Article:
We had no such thing as a jetway. Passengers had to use a mobile stairway that got attached to the aircraft door. When a flight arrived, a team of staff would go out to escort the passengers into the building. You always hoped you weren’t the one leading the queue because on any given day, the route you had been using could suddenly be blocked and you might very well end up in an enclosed area with 100 passengers piling in behind you.
Whereupon, you were obliged to about face with muttered apologies and silent profanities, and just hope you could locate the new entrance door. This was often a challenge, particularly if it was dark.
Darkness added another factor, as that was when the resident rats tended to venture out. It was one thing if you saw a one, but you always hoped the passengers wouldn’t.
The walkways were sheets of discarded building material but there was all manner of debris everywhere, so boarding and “de-planning” passengers was rather fraught with anxiety.
God forbid you were assigned to assist a wheelchair passenger!
We had an elderly Chinese supervisor who got in trouble one day when he got tied up helping a wheelchair passenger and ended up on un-authorized overtime.
Part of the problem was that, having successfully offloaded your passenger, you then had to return the wheelchair to a holding area which was inevitably a long walk.
So the next time Charlie was thus encumbered, he stood his passenger against the nearest wall, telling him “Charlie go home now”, and that’s exactly what he did, telling no-one about the abandoned passenger. I think the man was too flabbergasted to complain!
A colleague of mine once managed to tip an excessively large passenger over on his side. I can’t remember how she got him back up. I was the only person she told and she lived in mortification over it for years. It’s a wonder we didn’t all have hernias.
Boarding passengers was another challenge, especially if you happened to be sharing the loading area with another airline. To achieve a head count, we detached a portion of the passenger’s boarding pass and counted the stubs.
You were lucky if you had a window ledge upon which to place your stubs but they often blew off in the wind. You would look down to see stubs that had been left over from another flight, so now getting a head count was nigh impossible.
Once everyone was seated, in a narrow bodied aircraft, a headcount was not hard to do, except that in the middle of your count someone would take you to be a stewardess and ask you for something….start over..
In those days we tended to have numerous aeroplanes on the ground at the same time, so you would get the OK from the crew to board and suddenly realize you had no idea which aircraft to head for.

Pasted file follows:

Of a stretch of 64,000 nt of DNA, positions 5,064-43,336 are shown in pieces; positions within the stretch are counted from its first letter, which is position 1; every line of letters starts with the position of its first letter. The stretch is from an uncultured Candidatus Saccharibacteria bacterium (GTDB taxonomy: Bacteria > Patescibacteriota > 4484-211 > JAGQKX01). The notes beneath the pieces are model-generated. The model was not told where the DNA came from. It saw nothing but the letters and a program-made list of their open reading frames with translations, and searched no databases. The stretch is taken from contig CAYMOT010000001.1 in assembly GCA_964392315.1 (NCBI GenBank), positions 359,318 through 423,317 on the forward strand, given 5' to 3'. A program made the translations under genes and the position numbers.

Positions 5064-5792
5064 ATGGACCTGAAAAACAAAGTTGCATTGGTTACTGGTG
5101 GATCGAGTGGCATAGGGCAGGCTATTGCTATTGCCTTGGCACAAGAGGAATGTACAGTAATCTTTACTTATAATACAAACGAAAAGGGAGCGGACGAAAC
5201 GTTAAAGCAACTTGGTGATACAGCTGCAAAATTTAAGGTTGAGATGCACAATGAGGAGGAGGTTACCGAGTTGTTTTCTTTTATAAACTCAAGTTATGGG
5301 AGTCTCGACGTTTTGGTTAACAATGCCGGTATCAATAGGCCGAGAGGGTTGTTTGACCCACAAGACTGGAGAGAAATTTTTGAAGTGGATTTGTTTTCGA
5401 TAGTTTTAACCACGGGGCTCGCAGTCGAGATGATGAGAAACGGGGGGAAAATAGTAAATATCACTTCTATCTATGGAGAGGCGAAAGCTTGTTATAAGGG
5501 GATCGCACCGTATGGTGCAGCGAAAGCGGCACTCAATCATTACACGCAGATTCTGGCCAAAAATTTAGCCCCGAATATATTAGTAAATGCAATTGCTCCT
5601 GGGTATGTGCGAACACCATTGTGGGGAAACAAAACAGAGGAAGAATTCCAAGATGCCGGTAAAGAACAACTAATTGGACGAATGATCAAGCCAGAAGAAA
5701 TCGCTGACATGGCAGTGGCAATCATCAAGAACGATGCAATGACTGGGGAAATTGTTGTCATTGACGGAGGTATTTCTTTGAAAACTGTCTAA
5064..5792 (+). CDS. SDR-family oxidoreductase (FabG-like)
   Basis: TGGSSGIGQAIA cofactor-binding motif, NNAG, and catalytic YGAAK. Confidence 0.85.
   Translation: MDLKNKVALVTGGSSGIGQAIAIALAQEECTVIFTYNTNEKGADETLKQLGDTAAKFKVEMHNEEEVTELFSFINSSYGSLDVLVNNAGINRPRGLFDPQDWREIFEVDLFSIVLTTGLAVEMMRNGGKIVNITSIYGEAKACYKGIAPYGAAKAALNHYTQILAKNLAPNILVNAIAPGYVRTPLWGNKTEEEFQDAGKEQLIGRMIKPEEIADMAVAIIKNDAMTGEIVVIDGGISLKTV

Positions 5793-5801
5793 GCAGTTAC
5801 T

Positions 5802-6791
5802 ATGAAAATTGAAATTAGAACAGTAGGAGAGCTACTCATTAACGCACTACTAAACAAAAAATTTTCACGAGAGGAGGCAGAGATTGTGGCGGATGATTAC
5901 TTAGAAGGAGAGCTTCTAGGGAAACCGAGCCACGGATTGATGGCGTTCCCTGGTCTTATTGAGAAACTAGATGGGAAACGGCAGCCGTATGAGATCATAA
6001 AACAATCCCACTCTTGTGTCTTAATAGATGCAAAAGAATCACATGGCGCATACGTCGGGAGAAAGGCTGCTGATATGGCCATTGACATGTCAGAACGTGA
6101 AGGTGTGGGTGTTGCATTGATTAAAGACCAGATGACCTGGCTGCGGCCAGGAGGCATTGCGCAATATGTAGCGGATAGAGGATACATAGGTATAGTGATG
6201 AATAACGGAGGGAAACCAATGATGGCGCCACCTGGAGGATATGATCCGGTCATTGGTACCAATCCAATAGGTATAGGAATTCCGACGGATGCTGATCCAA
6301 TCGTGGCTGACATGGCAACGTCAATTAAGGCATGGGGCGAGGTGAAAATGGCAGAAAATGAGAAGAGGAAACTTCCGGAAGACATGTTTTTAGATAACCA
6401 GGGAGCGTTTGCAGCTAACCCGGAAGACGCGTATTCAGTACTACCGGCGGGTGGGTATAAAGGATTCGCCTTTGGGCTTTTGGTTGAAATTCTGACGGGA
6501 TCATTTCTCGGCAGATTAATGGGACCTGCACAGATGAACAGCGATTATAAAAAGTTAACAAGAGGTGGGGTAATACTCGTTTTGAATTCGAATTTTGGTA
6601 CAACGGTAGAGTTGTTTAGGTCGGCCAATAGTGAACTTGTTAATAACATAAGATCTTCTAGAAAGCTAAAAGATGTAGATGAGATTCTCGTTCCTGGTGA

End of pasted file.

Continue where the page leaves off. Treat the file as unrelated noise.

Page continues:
We then got educated to check aircraft registrations.
It seemed we had so much to learn but most of it was by trial and error and with the help of the few kind “oldies” who took pity on all these young kids that were rushing about in a frenzy that summer.
Winters were much colder back then, and our uniforms did not offer much protection against the elements. Standing around on the windy tarmac in pouring rain or snow was not a lot of fun, but we were a lot better off than the poor unaccompanied children that used to fly in from Jamaica and Barbados, wearing nothing but their best summer dress or suit. We wrapped them in blankets and lined them up trying to sort out who was going where, because they barely spoke. They seemed totally overwhelmed. Poor babes.
At least the island children were easy to handle as they would do whatever they were told. But we carried many unaccompanied British children as well. A lot of them were children of embassy staff along our routes and those kids needed to be chained together as they knew all the tricks of evasion and when we had a large number it was hard to keep track of the little hooligans that made a game out of playing us up.
I will never forget calling my supervisor one day to say that one of the kids was missing. His reply was short and emphatic “Find him!” Looking after those kids was probably the most stressful of all jobs! I hated being responsible for them.
My first year with BOAC, shortly to become British Airways, was certainly challenging but we were due to move to our own terminal in 1970, so every time something went wrong everyone would clamor “it will be fine when we get to the new building!”
Always the pessimist, I would mutter “well at least the ceiling won’t leak!”